Nearly a year ago I was having a rant about how I felt that some categories of product are almost universally ugly. The more I thought about it, the more I thought I should do something and I decided that designing my own razor would be a good place to start.
My experiments began with sawing the end off a razor and attaching my own handle to it. For this I used a length of aluminium tube I bought on eBay and epoxied it to the razor head. I used this razor to shave with and really thought I was on to something. To make sure I wasn’t crazy, I gave it to a couple of friends to try (with fresh razor cartridges obviously!).
It went down well and it made me want to pursue the idea of a simple, beautiful, solid metal razor handle.
I made some more prototypes by hacking up razors and metal but there came a point where I needed to get a bit more precise about what shape this thing was going to be. I thought about getting a handle machined out of aluminium but that would have been crazy expensive. Then I realised that 3D printing could be the answer.
I’d had some experience with 3D printing a few years ago when working for a large scientific product company so I knew roughly what the capabilities were. There were two significant problems though: I didn’t have a 3D printer and I didn’t know how to do my own CAD modelling.
Luckily for me my background in engineering meant that I knew people who could help out with the CAD modelling – people who would understand me and put up with the back-and-forth that it takes to get these things right. Another piece of luck was that I had just heard from a good friend in New York that she had started working for this thing called 3D Hubs.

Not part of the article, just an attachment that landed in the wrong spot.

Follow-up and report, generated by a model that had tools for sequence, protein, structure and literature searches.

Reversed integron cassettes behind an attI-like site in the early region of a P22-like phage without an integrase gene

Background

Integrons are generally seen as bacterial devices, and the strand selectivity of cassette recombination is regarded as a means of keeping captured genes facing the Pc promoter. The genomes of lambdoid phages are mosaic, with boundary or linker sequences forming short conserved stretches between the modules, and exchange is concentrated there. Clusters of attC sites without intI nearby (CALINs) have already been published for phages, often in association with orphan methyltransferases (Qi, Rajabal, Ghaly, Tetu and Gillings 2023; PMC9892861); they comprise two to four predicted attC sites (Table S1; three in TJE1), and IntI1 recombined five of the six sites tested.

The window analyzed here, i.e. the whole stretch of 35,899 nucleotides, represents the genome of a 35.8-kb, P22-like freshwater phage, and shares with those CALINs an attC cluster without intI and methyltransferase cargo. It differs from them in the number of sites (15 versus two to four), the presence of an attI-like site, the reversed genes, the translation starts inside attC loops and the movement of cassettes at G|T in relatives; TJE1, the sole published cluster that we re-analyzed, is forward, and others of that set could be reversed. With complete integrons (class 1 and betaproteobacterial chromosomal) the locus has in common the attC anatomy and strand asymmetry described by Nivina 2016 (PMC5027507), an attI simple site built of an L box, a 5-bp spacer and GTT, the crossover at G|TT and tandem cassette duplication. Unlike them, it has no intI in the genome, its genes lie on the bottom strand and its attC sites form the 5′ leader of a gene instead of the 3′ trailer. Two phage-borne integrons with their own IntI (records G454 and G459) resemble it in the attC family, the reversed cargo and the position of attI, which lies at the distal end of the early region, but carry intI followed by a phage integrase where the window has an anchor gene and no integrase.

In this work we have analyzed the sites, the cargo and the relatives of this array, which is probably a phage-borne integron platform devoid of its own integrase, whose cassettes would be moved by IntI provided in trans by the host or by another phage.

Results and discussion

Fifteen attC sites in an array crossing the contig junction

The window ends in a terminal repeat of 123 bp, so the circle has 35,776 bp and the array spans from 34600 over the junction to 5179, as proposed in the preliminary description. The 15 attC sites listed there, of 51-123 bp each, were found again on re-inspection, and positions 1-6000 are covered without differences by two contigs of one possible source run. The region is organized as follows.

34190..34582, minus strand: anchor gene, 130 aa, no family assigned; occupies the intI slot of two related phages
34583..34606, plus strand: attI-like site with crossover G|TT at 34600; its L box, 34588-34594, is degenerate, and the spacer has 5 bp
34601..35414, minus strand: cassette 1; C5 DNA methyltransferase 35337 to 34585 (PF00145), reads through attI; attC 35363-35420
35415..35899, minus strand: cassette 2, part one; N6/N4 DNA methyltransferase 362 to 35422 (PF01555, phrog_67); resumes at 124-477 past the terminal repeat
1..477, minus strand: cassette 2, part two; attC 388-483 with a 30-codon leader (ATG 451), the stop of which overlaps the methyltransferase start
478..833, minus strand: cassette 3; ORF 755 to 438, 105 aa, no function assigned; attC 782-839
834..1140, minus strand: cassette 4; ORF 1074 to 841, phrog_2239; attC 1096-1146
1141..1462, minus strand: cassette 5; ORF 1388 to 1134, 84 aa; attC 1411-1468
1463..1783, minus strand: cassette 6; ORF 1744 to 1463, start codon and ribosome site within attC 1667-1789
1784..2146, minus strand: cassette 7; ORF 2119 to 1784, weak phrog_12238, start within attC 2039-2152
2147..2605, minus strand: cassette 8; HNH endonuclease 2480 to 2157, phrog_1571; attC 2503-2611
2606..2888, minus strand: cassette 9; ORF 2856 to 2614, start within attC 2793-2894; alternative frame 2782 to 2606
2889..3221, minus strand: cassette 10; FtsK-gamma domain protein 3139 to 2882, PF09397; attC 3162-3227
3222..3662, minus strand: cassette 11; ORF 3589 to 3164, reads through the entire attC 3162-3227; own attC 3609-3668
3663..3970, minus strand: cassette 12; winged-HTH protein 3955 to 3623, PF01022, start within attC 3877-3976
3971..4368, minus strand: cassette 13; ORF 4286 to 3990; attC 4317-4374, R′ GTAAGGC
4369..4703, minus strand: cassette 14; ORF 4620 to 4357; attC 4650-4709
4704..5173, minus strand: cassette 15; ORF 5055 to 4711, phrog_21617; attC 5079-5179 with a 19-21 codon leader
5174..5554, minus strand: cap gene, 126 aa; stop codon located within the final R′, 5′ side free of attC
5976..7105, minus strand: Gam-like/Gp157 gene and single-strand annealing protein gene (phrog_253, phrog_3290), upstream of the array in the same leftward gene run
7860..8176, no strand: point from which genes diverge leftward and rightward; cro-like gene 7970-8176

A little aside is that my very first 3D printed razor prototype was made high in the Swiss Alps. As I was spending Christmas there with my in-laws it turned out that my brother-in-law knew that the local school had their own 3D printer. They were kind enough to let me use it and immediately I could see the value in having a solid, usable razor to test my design. Even though this is a pretty simple product, the shape and feel of it are critical to the success of the project.
So back in London I got straight onto the 3D Hubs website and found that there was a hub right down the road from me that I could cycle to!
Just yesterday I picked up my third iteration of the design printed by the excellent Loh Hu at Maker’s Affair. She has been really quick and the quality of the printing is excellent. She was also able to help me out with choosing the material and getting the right settings for the job – something I’d have struggled with on my own.
As well as painting some 3D printed razors for pictures of the razor on our website, another thing 3D printing has enabled us to do is give away some of the latest 3D prototypes for people to actually use to shave with. This kind of feedback is invaluable and now really accessible because of 3D printing.
So 3D printing has been instrumental in turning my idea into a potential business. There is no other way we could have got this far so quickly and managing to keep costs down. We have a manufacturer lined up for full production in metal and now we just need to get some backing via Kickstarter.
Latest 3D print details:
Printer: Duplicator 4X
Infill density: 20%
Layer height: 0.1mm
Skirt outline: 20 without any offset (1 layer of it)
Printing speed: 60mm/s
Travelling speed: 80mm/s